31 March 2019
What is Omnichannel Marketing and How Does It Work?
Omnichannel marketing (also spelled omni-channel marketing) is a cross-channel marketing strategy designed to offer consumers a consistent, seamless shopping experience across a brand. What exactly does this mean, with regard to email marketing? This means establishing customer-centric communications with your target audience by using different channels in addition to email campaigns, be it web push notifications, mobile push notifications, SMS text messages and instant messages through Viber or other messengers.
Multichannel and omnichannel definitions are sometimes confused with each other. However, despite their similarities, the two strategies are quite different. Indeed, just like omnichanneling, multichannel marketing uses a variety of channels for marketing purposes. However, the primary goal of multichannel marketing is to offer consumers a choice, not a consistent cross-channel shopping experience.
So, what exactly is omni-channel marketing?
Omni-channel marketing is grounded in a somewhat deeper concept. It doesn’t simply imply using all the communication channels available. Omnichannel marketing strategy involves integrating the channels so that each channel becomes a part of a single, wholesome omni-channel shopping experience.
Benefits of omnichannel marketing
Makes everything more convenient for your subscribers. To make your omni-channel campaigns work, you need to build an integrated communication system that would allow you to communicate with customers across different channels and devices, at each stage of the customer journey. In this way, your customers will always receive new information from you in a way that is most convenient for them.
Allows you to always keep in touch with a customer. If a customer has specified their email address and phone number when subscribing, this means you can reach out to them using emails, SMS messages, and messengers. Most likely, they’ll read these messages either from their desktop during office hours or from their smartphone on their way home, in the evening or during the weekend. Thanks to the omnichannel approach, your promotions and other messages definitely won’t go unnoticed.
Minimizes the risk of losing subscribers. If a customer suddenly stops being active on one of their channels, this still won’t mean that you’ve lost them forever. Even if a person changes their phone number, you’ll still have their email address and push registration token. If a person changes their email address, you can still use their phone number to reach out to them.
Allows for hyper-personalization. An omnichannel marketing approach implies tracking and collecting all of the customer’s interactions with your brand, in a single system and in real time. This will allow you to personalize all your messages no matter what the channel is, increasing the customer’s brand loyalty as a result.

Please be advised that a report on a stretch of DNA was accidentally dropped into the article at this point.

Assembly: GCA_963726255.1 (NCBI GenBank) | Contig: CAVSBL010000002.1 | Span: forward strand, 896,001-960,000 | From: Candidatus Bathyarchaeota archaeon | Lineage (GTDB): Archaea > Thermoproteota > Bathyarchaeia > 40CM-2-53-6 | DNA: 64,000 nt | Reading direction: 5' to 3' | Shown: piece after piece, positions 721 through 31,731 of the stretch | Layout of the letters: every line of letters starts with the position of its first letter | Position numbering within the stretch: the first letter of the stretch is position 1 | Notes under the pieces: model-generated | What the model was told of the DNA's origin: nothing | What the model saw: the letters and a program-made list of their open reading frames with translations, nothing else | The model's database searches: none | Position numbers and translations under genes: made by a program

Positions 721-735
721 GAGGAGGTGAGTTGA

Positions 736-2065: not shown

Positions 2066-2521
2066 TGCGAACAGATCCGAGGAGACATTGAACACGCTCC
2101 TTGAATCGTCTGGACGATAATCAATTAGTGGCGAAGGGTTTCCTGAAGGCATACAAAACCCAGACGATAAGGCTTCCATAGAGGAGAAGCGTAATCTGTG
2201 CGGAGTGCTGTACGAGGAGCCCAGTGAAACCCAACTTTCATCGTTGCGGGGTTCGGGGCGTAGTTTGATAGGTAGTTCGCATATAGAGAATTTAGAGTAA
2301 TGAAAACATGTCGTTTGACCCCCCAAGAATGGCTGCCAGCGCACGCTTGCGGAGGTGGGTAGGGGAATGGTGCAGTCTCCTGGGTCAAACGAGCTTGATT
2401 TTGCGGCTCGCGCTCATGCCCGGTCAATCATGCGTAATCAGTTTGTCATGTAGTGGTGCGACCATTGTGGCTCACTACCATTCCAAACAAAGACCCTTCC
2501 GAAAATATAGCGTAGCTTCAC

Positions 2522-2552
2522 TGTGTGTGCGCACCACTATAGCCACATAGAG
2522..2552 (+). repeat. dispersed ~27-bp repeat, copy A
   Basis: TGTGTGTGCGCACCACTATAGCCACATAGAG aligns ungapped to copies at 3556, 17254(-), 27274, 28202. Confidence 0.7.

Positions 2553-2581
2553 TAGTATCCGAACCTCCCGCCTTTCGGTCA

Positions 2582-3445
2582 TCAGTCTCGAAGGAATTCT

Allows for deeper segmentation. By analyzing behavioral factors and using the obtained data, you’ll be able to properly segment your customer database and come up with different interaction strategies for each segment.
Increases the brand’s reach. Omni-channel marketing allows you to reach out to anyone who actively uses at least one of the marketing channels with relevant messages, which helps you drive sales and revenue as a result.
Offers unlimited automation possibilities. You can automate your main marketing tasks by using all the data you have on a customer in your marketing automation system. This approach is just as convenient for your customers, as they can engage with your brand through different channels and eventually pick the ones they prefer the most.
Helps identify the stages of the customer life cycle. By collecting and analyzing data on all the customer’s interactions, you can get a clear view of their preferences, come up with relevant offers, and send them through.
How omnichannel marketing works
Just as we’ve mentioned above, to some people omnichannel marketing might seem to be another definition of multichannel. However, the two definitely aren’t synonyms. Omni-channel marketing campaigns rely on deeper integrations, combined channel usage, and building the communication with the audience based on their previous actions and purchases. An omni-digital marketing strategy is more difficult to implement, but it is definitely worth the effort.
Collecting more data
To make your omni-channel marketing strategy work, you need to identify your subscribers properly. This will allow you to find out who is the person who took certain actions and what is their entire customer journey. Take for example:
A user sees your company’s Facebook page and likes it.
Next, they proceed to your website and are offered to allow web push notifications.
They click ‘Allow’ and receive a series of welcome web push notifications.
The next time the user visits your Facebook page, they see an email newsletter subscription form and subscribe to receive emails from you.
In the first email, they see a link to your mobile app and install it.
In this way, you get the user’s social media profile, their email address, and their web push subscription token. You also know what devices they use to visit your company’s website.
You can also collect some additional data by adding a few more fields in the subscription form. However, this might make the form look too complicated to the potential subscribers and drive them away. That’s why it would be better to send your subscribers an email offering to complement their account on your website with some additional data, such as a phone number.
Web tracking: combining the data on a user’s activities
A user’s contact data is usually not enough to make an omni-channel approach as effective as it can be. You also need detailed data about each user’s interactions with your organization. For that purpose, you can employ web tracking.
When you build omni-channel communications using the information you have about the prior user’s activities in emails, on a website, offline, and on other contact points, you get an opportunity to increase average order value and boost your company’s total revenue by considering your customers’ preferences and delivering them the most relevant content adapted to fit their needs.